Yet I think what is happening is long overdue.  The fact is that athletic departments at most schools do not share their revenues with academic departments.  The money is simply reinvested in upgraded and expanded facilities and the like.  We’re not talking about chump change here.  Pac-12 athletic departments generated $1.3 billion in revenue in 2018-19, according to the Department of Education.

I understand the argument about the positive lessons taught by varsity athletics.  But when the cost of tuition remains sky high, I think that athletic revenues should be plowed back into the general fund to award grants to deserving scholars.  As things stand, athletics occupy far too great a place in academia. The argument that without varsity football alumni would cease writing checks is false.  For example, the University of Chicago abolished varsity football years ago.  It has not suffered at all.  The truth is that football is the tail wagging the dog in higher education.

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When online instruction is breach of contract

The pandemic is forcing less than a quarter of the nation’s 5,000 colleges and universities to offer in-person instruction.  In response, some parents are suing for breach of contract (“As Colleges Move Classes Online, Families Rebel Against the Cost,” The New York Times, Aug. 15).

I’m not a lawyer, but I think they have a case.  They paid for face-to-face instruction, but are not getting what they signed up for.  They at least deserve tuition rebates, increased financial aid and reduced fees. But instead, they are getting nothing. Rather than do what is right, several institutions have moved for dismissal.  Worse yet, some have even increased prices, arguing that if not they will have to lay off faculty.

This is an unprecedented period in higher education in this country.  I’ve written before that a bachelor’s degree is no blanket guarantee of a well-paying job.  Perhaps more and more high school students and their parents will begin to rethink their plans in light of the new realities.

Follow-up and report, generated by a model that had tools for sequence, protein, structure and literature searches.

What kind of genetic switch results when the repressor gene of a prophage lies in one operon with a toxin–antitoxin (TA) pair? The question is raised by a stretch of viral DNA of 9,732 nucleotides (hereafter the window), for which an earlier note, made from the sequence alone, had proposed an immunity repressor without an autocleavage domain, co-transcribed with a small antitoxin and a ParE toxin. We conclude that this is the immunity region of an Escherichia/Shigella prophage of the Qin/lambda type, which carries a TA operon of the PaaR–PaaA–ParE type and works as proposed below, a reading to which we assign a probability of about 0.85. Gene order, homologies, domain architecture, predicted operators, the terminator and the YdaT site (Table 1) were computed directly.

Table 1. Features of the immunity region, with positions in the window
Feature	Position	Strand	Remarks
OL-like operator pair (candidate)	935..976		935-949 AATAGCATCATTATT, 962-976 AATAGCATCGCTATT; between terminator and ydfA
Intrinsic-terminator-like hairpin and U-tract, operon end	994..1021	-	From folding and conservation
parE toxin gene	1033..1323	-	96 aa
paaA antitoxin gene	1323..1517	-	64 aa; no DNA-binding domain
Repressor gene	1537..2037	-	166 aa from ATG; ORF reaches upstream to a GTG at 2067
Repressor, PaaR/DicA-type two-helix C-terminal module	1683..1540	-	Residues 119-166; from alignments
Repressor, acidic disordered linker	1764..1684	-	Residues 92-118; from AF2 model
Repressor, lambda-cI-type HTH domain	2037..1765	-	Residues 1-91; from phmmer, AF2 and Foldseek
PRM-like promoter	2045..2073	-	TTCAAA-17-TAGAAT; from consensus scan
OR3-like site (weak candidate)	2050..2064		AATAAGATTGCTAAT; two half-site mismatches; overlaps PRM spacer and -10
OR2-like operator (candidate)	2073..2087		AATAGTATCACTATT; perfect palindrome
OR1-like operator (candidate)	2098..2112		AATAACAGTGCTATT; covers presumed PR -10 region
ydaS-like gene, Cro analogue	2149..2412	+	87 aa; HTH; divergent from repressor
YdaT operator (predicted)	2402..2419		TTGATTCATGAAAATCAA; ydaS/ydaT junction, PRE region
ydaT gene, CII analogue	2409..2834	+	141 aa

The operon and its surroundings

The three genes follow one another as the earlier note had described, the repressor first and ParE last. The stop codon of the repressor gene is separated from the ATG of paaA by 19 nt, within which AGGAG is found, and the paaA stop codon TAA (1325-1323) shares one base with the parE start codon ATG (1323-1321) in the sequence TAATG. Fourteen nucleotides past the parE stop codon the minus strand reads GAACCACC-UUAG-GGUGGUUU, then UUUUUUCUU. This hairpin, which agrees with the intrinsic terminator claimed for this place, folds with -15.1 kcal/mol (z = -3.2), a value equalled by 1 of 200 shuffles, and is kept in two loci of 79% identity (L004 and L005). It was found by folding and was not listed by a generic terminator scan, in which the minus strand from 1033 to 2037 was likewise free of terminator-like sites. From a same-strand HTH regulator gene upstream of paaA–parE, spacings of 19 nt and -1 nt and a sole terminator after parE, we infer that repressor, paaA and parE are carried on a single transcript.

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Black privilege in college admissions

A two-year investigation by the Justice Department found that Asian and White applicants have only one-tenth to one-fourth the chance of being admitted to Yale University as Black applicants with comparable academic credentials (“Yale Accused by Justice Department of Discriminating Against Asian American and White Applicants,” Time, Aug. 14). Although Yale denies claims of discrimination, the evidence to the contrary is clear.

As a private institution, Yale can admit whomever it wants.  But it can’t have it both ways.  Since it accepts millions of taxpayer dollars each year, Yale has to comply with Title VI of the Civil Rights Act.  Although the Supreme Court has ruled that universities can consider race as one factor in admissions, what Yale has done goes way beyond that.

The Supreme Court needs to finally clarify the issue.  Reverse discrimination is as unacceptable as traditional discrimination.

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Sexual-assault rule on campuses passes muster

At last, a bit of good news from higher education.  A federal judge upheld the new grievance procedures for handling sexual-assault complaints on college campuses (“DeVos’s Sexual-Assault Rule Prevails,” The Wall Street Journal, Aug. 13).

What is now required is that both accuser and accused receive the same notice of allegations, can cross-examine witnesses and have the right to appeal. Formerly, accusers had the upper hand because due process was absent. As a result, campuses were the scene of kangaroo courts.